Dispelling Myths and Understanding Hospice Care

Death. There, we got one of the most uncomfortable words in the English language out of the way first. What if I told you that death does not have to be uncomfortable? Dare I go as far as saying it can even be beautiful. A person’s journey to the inevitable can be made easier, more comfortable and even beautiful with the help of hospice.

There exists many beliefs about what hospice care is, and what it isn’t. Many of these beliefs are founded in myths perpetuated by the lack of proper education provided by hospice agencies themselves. At the inception of my career with Central Wyoming Hospice and Transitions my understanding of what hospice care is aligned with many of the common myths I refer to below. Myths that induce a fear that keeps people from receiving the important end-of-life care they need and, most importantly, deserve.

Let’s dismiss the myths and replace them with the reality of what hospice is:

Myth #1: Hospice services are reserved for the last few days of life.

Truth: Hospice is for anyone diagnosed with a terminal disease and given a prognosis of six months or less of life if their disease were to follow the normal projection. Six-month prognosis is strictly a qualifier, services are not limited to that timeframe. Several patients have lived multiple years with the comfort and care provided by Central Wyoming Hospice.

Myth #2: Hospice is giving up, a patient will die quickly on hospice services.

Truth: Hospice does not hasten death. Hospice manages symptoms while the patient goes through the natural dying process. In fact, several studies have been completed, and the conclusion is the same: Patients with a chronic illness live an average of 30 days longer while using hospice services.

Myth #3: The use of morphine is what starts the dying process in patients.

Truth: Morphine, when used properly, does not hasten death. It is an effective pain reliever that works to block pain signals in the brain. In addition, morphine is effective in treating shortness of breath. Morphine will increase the lungs tidal volume, improving gas exchange with the result being a decrease in the patient experiencing shortness of breath. Morphine will make a patient more comfortable and improve quality of life.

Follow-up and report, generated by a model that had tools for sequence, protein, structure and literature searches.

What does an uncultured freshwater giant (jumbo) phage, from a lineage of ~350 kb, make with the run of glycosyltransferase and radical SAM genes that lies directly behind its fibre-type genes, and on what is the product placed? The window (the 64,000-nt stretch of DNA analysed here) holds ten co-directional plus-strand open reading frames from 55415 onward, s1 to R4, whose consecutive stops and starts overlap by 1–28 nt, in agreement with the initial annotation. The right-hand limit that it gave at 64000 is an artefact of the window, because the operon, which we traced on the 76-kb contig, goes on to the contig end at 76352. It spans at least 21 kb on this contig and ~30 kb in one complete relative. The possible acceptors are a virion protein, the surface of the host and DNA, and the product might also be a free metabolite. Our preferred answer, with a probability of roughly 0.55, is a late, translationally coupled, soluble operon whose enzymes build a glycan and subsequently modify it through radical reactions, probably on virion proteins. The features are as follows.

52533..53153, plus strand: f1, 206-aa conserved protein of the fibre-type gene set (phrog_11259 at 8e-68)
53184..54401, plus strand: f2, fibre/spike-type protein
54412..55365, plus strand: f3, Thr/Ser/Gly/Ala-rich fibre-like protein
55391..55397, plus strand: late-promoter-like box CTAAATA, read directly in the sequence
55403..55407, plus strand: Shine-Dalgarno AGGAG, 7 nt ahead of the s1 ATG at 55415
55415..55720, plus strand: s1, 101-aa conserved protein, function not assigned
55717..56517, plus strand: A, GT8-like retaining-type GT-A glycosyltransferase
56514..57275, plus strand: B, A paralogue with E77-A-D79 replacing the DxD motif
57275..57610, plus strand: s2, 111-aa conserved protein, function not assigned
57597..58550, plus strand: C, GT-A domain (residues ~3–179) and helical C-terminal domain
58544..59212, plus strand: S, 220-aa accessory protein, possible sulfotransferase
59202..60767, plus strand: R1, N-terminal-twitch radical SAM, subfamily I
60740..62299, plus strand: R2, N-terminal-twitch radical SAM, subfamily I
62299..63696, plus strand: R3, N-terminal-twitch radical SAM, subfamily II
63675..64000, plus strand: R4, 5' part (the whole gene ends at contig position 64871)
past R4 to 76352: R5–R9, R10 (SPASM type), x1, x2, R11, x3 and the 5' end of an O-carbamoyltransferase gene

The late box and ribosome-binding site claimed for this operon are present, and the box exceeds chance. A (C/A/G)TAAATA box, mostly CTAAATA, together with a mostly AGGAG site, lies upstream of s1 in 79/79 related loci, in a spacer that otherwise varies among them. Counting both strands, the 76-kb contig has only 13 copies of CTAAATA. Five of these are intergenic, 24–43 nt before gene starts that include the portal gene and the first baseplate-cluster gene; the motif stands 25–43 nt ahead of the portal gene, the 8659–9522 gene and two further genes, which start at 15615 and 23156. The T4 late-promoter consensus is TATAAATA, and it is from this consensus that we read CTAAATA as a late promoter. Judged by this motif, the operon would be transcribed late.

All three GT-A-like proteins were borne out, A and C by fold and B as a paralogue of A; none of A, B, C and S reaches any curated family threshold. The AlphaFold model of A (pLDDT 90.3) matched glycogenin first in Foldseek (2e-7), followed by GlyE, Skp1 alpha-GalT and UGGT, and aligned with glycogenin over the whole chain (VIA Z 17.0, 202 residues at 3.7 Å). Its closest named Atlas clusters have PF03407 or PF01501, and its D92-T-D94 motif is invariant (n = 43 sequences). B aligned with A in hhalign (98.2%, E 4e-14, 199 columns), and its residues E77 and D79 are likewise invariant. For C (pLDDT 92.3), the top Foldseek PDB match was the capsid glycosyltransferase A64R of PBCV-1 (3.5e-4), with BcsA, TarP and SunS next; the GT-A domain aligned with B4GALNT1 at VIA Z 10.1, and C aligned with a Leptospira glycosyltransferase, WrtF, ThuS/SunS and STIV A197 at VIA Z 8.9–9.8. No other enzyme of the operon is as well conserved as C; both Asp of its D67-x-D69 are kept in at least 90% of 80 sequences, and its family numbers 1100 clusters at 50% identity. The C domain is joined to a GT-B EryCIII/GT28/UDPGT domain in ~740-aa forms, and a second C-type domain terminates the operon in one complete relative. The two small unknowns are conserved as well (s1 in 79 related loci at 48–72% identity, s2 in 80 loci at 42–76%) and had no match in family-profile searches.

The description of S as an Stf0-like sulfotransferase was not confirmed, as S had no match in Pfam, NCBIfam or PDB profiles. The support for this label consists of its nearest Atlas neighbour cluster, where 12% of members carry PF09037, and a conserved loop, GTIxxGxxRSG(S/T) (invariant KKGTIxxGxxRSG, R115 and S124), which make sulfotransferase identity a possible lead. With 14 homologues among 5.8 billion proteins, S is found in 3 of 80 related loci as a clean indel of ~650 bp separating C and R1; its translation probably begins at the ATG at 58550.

Myth #4: Hospice is only for cancer patients.

Truth: Hospice care is available for any individual with a terminal illness, including cardiac, respiratory, neurological, and many other illnesses. The focus of care is tailored to the individual patient’s symptoms regardless of the disease process.

At Central Wyoming Hospice, we work to dispel myths about hospice care and educate the community on all that hospice care truly is. We are with patients as they walk through the final stages of their journey. We are with the families and caregivers as they process the loss of their loved ones, providing them with the tools to process their loss effectively.

Central Wyoming Hospice works closely with the patients and family members to determine the best plan of care for each individual patient. Hospice plans of care are determined in conjunction with each individual patient to ensure that all wishes are honored and respected.

If you or a loved one is ever faced with the decision, consider reaching out to Central Wyoming Hospice. There is always someone available to speak with you and answer any questions you may have. Hospice is all about providing comfort every step of the way and walking with you through every part of your end-of-life journey.


Michael Steele, RN

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